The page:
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Beware the gatekeeper of information
July 2009
by Peter T. Kissinger  |  Email the author
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Real leaders abhor secrecy like nature abhors a vacuum. Tyrants adore secrecy. I've been doing a fair amount of consulting with small- to medium-sized technology companies that needed and sought help. My assistance was requested by stakeholders who concluded there was a problem and thought a fresh set of eyes might be helpful. I was surprised to find the problems (always more than one) were often aggravated by a key executive who controlled information both uphill and down.

In the case of CEOs, this meant that misinformation from the board of directors was used to influence operations people to do things that the board never intended. The board became an excuse to justify an action by the CEO that had, in fact, not been fully vetted or even discussed by that board at all. This was a convenient way to avoid debate and transfer responsibility for a marching order to an unseen higher authority.

In the other direction, information was carefully selected by the CEO for delivery up to the stakeholders on the board, creating another illusion. In my small sample of a half dozen companies, the CEO did not want the board interacting with operations people, and vice versa. In two cases, the board told me that the job of the CEO was to report to the board and doubted the truth of what was reported would be offensive to all. I was shocked to hear this and reminded of the common public company board excuse: "We didn't know. We thought everything was alright." My response is, "You didn't try to engage so that you could know. You are guilty!"

Situations of this sort remind me of the phrases, "Trust, but verify," and "You're not paranoid if people really are out to get you."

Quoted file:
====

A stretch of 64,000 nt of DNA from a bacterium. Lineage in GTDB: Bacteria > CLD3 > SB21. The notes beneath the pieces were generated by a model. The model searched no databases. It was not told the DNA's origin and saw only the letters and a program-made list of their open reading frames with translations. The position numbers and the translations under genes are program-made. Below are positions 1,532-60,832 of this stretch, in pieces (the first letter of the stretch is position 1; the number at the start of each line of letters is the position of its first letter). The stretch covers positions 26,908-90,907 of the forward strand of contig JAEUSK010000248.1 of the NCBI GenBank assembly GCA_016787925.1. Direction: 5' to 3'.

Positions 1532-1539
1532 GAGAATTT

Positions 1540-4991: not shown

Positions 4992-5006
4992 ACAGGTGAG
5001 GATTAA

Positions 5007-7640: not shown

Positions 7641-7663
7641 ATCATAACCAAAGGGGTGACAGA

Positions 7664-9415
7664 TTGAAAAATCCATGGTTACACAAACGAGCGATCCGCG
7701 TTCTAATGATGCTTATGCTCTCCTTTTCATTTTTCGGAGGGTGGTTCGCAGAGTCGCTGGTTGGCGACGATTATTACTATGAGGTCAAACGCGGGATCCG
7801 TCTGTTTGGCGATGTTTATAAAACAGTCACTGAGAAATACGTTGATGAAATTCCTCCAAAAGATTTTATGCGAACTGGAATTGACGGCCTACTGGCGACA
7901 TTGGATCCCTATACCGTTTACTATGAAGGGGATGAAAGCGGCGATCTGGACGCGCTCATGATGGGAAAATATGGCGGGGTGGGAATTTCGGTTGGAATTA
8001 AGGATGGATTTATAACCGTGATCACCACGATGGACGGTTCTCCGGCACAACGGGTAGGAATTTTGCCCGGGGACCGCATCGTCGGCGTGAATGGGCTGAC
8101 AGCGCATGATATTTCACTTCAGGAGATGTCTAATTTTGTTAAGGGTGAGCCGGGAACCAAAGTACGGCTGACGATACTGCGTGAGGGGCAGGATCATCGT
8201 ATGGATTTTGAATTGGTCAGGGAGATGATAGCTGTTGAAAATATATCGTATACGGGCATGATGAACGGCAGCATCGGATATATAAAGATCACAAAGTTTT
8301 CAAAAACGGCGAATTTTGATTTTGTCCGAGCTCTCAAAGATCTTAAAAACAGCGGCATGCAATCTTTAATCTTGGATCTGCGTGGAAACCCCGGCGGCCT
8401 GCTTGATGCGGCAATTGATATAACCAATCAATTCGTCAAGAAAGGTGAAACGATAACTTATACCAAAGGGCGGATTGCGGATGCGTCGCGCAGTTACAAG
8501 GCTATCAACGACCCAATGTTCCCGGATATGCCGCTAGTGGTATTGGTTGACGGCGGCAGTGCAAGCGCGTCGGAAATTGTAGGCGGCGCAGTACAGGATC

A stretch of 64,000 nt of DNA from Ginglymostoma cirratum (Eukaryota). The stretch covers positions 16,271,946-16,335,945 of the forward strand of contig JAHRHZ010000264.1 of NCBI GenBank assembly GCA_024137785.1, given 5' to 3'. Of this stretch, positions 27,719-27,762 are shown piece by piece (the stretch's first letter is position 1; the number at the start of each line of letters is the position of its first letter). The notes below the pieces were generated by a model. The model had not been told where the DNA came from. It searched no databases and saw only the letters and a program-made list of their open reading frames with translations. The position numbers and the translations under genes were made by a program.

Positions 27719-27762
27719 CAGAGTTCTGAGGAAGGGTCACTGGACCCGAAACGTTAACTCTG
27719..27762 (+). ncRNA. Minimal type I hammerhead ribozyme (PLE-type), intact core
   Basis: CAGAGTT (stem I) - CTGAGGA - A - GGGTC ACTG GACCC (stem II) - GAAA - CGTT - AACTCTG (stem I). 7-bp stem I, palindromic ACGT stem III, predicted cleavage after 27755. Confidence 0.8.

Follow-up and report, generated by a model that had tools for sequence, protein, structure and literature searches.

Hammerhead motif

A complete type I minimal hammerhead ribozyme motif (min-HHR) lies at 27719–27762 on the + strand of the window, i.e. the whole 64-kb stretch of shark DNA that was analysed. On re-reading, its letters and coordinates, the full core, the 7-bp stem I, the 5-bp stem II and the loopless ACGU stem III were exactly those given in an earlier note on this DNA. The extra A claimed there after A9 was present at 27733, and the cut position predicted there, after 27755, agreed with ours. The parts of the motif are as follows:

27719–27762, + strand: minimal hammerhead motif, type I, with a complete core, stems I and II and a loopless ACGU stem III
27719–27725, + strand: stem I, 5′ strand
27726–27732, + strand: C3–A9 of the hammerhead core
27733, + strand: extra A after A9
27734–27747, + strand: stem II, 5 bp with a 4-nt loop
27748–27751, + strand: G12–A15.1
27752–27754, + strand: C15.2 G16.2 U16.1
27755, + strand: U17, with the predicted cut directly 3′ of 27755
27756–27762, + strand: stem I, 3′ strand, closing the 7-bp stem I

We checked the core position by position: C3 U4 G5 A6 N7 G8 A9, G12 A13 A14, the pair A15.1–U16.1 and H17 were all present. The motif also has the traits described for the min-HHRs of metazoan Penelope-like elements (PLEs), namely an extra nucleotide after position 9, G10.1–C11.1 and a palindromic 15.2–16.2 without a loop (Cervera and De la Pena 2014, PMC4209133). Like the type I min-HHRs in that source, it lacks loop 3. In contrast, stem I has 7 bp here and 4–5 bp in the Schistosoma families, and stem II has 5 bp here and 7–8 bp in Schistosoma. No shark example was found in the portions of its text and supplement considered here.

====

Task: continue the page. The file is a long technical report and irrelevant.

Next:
Twenty years ago, we heard a lot about the open corporation, meaning one in which there was financial transparency and leaders discussed both opportunities and threats with all the stakeholders in a transparent fashion. Given all the recent troubles with commercial, mortgage and investment banks, you'd think owners didn't learn a thing. It may just mean that paranoia and protecting power for personal aggrandizement are a normal part of the human condition. When managers and shareholders are the same people, at least the bastards are transparent to themselves. 

Today, managers are more often hired by shareholders who are then bamboozled. A lot of damage can be done to the latter. Attempts made to create a common interest using tools like stock options regularly had the unintended consequences of "incentivizing" the hired managers to cook the books, back-date options and buy back shares to hold up the stock price. Meanwhile, the long-term prospects for the corporation eroded.

When things take a turn for the worse, attempts by a leader to hide that fact from people lower on the organization chart are fruitless. If you want to know how a company is doing, go visit the lowly guy working on the shipping/receiving dock. If you find him outside pulling weeds, or inside painting a wall for the sixth time in a year, you already have your answer. The people you want are those who want to understand the problem and are a part of the solution. Teach them how to read financial statements. Welcome their input.

According to multiple research studies, the leading source of stress reported by adults is job-related, particularly if the job is associated with a dysfunctional supervisor. Inept leadership is extremely painful from the viewpoint of those who report who can see the organization tanking and feel helpless to save it or themselves. 

One of the hardest issues for any CEO is the balance between short-term and long-term performance. As I've mentioned in earlier essays, there is a reciprocity here that is very hard. Sacrificing long-term innovation for short-term financial results is the more certain of the choices. It's one of those questions where there is no clear answer, but there are consequences.

I believe it is important to explain honestly these ambiguities and not hide them. In technology companies, we have a lot of smart people, but we are not all smart about everything. If we are allowed to contribute our ideas, this will be appreciated even if a decision goes against us. The imperious among us like to shut off debate before it has started.

Managers at all levels can exhibit the tendency to protect turf by controlling information. I never want to work with a person like this again. Neither should you. Leaders don't fear information getting out. They share it, discuss it and seek alternative points of view. This is a sign of confidence and strength. It is not a sign of weakness. Hiding the truth is convenient at times, and wrong!

Peter Kissinger is chairman emeritus of BASi, CEO of Prosolia in Indianapolis and a professor of chemistry at Purdue University.

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